The largest U.S. meat packing union said on Thursday that 93 meat packing and food-processing workers have died from COVID-19 and continue to face risks from the new coronavirus.
The United Food and Commercial Workers International Union, which also represents workers at grocers and drug stores, told reporters on a call that more than 196 of its members have died from COVID-19, the disease caused by the coronavirus. More than 2,300 members have been exposed to or affected by the virus in the last month, the union said.
The numbers reflect the steep toll that the contagious respiratory disease has taken on essential workers. States like California and Texas have notched big jumps in overall coronavirus infections.
Many meat packing employees are missing work because they are quarantined or afraid they will fall ill if they return to their jobs at plants that house thousands of workers.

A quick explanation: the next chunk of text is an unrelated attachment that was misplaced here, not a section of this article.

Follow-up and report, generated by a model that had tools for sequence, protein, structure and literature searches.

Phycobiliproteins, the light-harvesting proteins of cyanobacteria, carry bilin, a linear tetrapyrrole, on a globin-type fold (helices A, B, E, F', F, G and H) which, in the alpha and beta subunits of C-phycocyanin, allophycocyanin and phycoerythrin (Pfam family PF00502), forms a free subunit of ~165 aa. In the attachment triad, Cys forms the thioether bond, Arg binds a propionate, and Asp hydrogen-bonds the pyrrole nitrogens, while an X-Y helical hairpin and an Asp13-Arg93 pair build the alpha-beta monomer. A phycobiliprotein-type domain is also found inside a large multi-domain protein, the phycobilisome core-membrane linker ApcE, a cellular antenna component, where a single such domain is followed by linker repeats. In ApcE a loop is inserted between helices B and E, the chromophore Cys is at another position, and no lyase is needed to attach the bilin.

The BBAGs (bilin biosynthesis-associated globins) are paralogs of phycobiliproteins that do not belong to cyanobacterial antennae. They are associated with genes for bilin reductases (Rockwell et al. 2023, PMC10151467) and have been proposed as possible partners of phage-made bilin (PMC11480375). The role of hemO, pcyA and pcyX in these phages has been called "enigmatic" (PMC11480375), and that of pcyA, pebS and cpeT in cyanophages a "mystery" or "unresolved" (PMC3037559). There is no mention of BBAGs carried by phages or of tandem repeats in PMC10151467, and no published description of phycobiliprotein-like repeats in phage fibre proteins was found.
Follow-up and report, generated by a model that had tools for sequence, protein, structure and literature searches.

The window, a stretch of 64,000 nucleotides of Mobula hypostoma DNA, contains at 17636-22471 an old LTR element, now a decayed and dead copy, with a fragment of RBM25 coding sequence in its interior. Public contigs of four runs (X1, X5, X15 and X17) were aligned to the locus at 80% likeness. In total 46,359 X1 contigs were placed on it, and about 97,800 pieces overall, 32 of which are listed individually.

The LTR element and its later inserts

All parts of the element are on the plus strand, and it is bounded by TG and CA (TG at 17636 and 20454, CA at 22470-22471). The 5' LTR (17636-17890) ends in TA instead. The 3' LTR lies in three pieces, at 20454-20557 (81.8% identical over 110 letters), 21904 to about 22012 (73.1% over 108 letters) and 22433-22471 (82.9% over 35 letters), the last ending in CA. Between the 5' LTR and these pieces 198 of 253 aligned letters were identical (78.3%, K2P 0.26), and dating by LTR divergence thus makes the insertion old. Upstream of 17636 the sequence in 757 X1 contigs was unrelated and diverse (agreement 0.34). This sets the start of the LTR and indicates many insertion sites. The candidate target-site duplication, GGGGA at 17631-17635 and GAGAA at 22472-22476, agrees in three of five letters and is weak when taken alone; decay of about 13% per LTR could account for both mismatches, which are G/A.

About 20 plants run by companies like Tyson Foods Inc, JBS USA and Smithfield Foods closed in April as thousands of workers tested positive for COVID-19. The temporary shutdowns sent meat prices soaring and caused shortages of some products in grocery stores.
U.S. President Donald Trump issued an order on April 28 telling meat packers to stay open. Companies say they have spent tens of millions of dollars on measures to protect workers like providing them with masks, installing physical dividers on production lines and stepping up cleaning.
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